Maybe you are feeling blue, down in the dumps, nothing seems to be going right and everything is an effort. Most of us at some time go through a period of feeling "depressed". This type of depression is often termed reactive and is generally brought on by difficult life circumstances - stress, bereavement, unemployment, over-work, physical illness, separation/divorce and even supposedly happy events such as the birth of a baby or a move to a new home.

On the other hand clinical depression is a serious often long-term condition for which you need to seek expert medical or psychiatric help. It is important to realise that it is not this condition which I am addressing here.

If you are feeling unusually low and tired it is wise to check out your symptoms with your GP to eliminate any treatable physical causes but there is a lot you can do to help yourself. And you will find it is the little things that make a difference.

Realise, if your life circumstances have changed dramatically, especially any sort of loss or bereavement, feeling depressed is a normal reaction. You need to give yourself time and space to recover. Don't feel guilty if you feel you can't cope. Make sure you are taking care of yourself. Talk about how you feel to close friends and family. And you may find it helpful to book a few sessions with a counsellor to talk things through and to help you understand and deal with your feelings and to get yourself back on track. Take good care of yourself. Try to establish a routine of eating (regular, nutritious, not too heavy meals), drinking plenty of water (about four pints a day), sleeping (not too late to bed as you may be waking early, and take short daytime naps if necessary) and regular exercise (if you are feeling tired in the day and putting off what you should be doing try a brisk five to ten minute walk). Try setting realistic goals to complete a small task each day. If you have let everything get on top of you don't attempt to put everything right at once or you will just feel overwhelmed and give up before you start. But completing a small task will give you a sense of achievement and motivation. Also, plan a regular time for relaxing even if you feel you have "done nothing" for days.

Set aside a regular few minutes each day, when you are not likely to be disturbed, to sit quietly and do this relaxation exercise.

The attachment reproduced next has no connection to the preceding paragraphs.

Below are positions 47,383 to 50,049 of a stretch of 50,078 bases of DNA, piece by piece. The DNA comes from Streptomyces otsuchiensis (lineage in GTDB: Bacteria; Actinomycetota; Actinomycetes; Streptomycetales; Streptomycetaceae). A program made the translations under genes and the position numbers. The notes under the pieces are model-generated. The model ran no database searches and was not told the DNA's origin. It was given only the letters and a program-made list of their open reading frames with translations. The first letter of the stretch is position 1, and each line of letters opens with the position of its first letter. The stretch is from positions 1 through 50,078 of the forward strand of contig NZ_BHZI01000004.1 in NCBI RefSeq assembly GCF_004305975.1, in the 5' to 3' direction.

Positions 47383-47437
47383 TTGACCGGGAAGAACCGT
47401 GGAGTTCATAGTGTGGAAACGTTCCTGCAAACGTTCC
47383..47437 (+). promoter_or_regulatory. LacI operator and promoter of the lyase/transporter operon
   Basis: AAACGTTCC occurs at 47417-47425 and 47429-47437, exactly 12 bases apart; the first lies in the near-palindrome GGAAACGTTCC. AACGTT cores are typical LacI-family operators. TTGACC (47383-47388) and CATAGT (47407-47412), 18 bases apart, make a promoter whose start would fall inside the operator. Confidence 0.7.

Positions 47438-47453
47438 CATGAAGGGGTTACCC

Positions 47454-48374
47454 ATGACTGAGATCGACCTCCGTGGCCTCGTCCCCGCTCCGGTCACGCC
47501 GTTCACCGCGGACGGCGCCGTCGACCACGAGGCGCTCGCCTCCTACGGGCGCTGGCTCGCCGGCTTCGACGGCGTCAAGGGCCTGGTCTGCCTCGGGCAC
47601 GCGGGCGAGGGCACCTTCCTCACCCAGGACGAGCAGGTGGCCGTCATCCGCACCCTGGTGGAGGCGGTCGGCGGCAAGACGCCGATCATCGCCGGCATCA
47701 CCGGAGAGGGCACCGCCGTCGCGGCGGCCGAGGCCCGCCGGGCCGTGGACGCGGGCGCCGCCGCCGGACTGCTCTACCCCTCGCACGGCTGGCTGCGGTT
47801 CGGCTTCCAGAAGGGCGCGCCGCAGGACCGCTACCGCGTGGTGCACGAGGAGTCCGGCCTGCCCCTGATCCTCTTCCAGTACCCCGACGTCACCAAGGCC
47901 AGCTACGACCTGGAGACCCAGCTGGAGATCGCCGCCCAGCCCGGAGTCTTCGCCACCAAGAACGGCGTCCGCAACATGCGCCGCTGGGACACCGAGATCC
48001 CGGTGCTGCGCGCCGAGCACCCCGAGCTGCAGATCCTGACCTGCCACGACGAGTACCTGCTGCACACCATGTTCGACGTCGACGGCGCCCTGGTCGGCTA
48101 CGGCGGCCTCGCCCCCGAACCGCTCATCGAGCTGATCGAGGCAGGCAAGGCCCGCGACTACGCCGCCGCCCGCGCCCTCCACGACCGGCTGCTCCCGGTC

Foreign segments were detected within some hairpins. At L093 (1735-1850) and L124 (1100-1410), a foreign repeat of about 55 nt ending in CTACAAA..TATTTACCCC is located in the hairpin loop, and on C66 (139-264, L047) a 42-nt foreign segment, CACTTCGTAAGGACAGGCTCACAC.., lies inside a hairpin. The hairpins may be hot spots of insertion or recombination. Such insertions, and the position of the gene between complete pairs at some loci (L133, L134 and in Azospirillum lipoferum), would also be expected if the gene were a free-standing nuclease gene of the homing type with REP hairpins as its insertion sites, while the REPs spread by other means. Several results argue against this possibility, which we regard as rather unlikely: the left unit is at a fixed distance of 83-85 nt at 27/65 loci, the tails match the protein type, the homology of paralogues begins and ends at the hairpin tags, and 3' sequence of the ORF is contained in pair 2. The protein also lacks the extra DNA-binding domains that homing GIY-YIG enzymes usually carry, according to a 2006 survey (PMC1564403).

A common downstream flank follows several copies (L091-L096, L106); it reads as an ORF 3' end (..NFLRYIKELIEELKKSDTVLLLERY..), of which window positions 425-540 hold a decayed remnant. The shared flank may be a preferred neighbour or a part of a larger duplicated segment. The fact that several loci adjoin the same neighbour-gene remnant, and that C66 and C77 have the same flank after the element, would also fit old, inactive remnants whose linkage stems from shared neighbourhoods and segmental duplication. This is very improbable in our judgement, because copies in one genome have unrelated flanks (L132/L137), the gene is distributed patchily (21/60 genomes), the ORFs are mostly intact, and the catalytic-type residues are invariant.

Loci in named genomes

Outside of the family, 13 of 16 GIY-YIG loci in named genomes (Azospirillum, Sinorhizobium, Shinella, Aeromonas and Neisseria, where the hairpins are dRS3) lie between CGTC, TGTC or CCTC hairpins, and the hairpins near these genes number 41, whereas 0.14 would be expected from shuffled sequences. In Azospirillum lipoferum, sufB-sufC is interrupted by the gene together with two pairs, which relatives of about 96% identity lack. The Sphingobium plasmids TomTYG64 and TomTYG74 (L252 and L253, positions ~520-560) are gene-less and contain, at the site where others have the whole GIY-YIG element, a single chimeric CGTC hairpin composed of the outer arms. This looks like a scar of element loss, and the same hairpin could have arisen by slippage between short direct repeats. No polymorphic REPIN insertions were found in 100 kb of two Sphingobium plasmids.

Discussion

Sit comfortably upright, spine erect, feet on the floor and hands in your lap. Take in a long deep breath and let it out slowly. Repeat these deep relaxing breaths twice more. Be aware of your feet, tense all the muscles in your feet and toes for a few seconds and then let go. Repeat this tensing and relaxing of muscles all the way up through your body. Tense and relax -legs, buttocks, abdomen, chest, shoulders, neck, arms and hands and finish with your head. Tighten and relax your jaw and lips, forehead and scalp. You will by now be feeling less tension all over your body. Stay with this feeling quietly for a few minutes (the time will get longer with practice). While you are sitting quietly relaxed acknowledge any intrusive thoughts that come into your head and let them go. They can be dealt with later. Keep concentrating on your regular normal breathing. - Imagine each breath entering your lungs, flowing through your body and bringing you peace and contentment.

You may like to try this exercise to some gentle relaxing music and. to extend your relaxation techniques try to find a local relaxation class or yoga group.

Remember it is the little things that make a difference and even the smallest step in the right direction is a positive one. Most importantly don't feel guilty or beat yourself up if you lapse from your efforts. You don't have to be perfect. You are just doing the best you can for what is best for you and you can always try again tomorrow.

Remember also you don't have to do it all yourself - don't be afraid to ask for help from friends, family, local support groups or your GP. You may also find some helpful books in your local library or bookshop.

Author's Bio: 

Jeanne is a regular contributor for and has her own column as ‘Agony Aunt’. Jeanne is an experienced teacher, personal and relationship counsellor, polarity therapist and healer. Through these four mediums and her wisdom, insight and life experience Jeanne has developed a unique style of healing, guidance and personal empowerment. She has counselled for Relate, the prison service and in a GP surgery. She has worked successfully with a wide range of people and problems and had her own counselling and polarity therapy practice in North Birmingham. She now lives in America, Florida but continues to write for SelfHelper.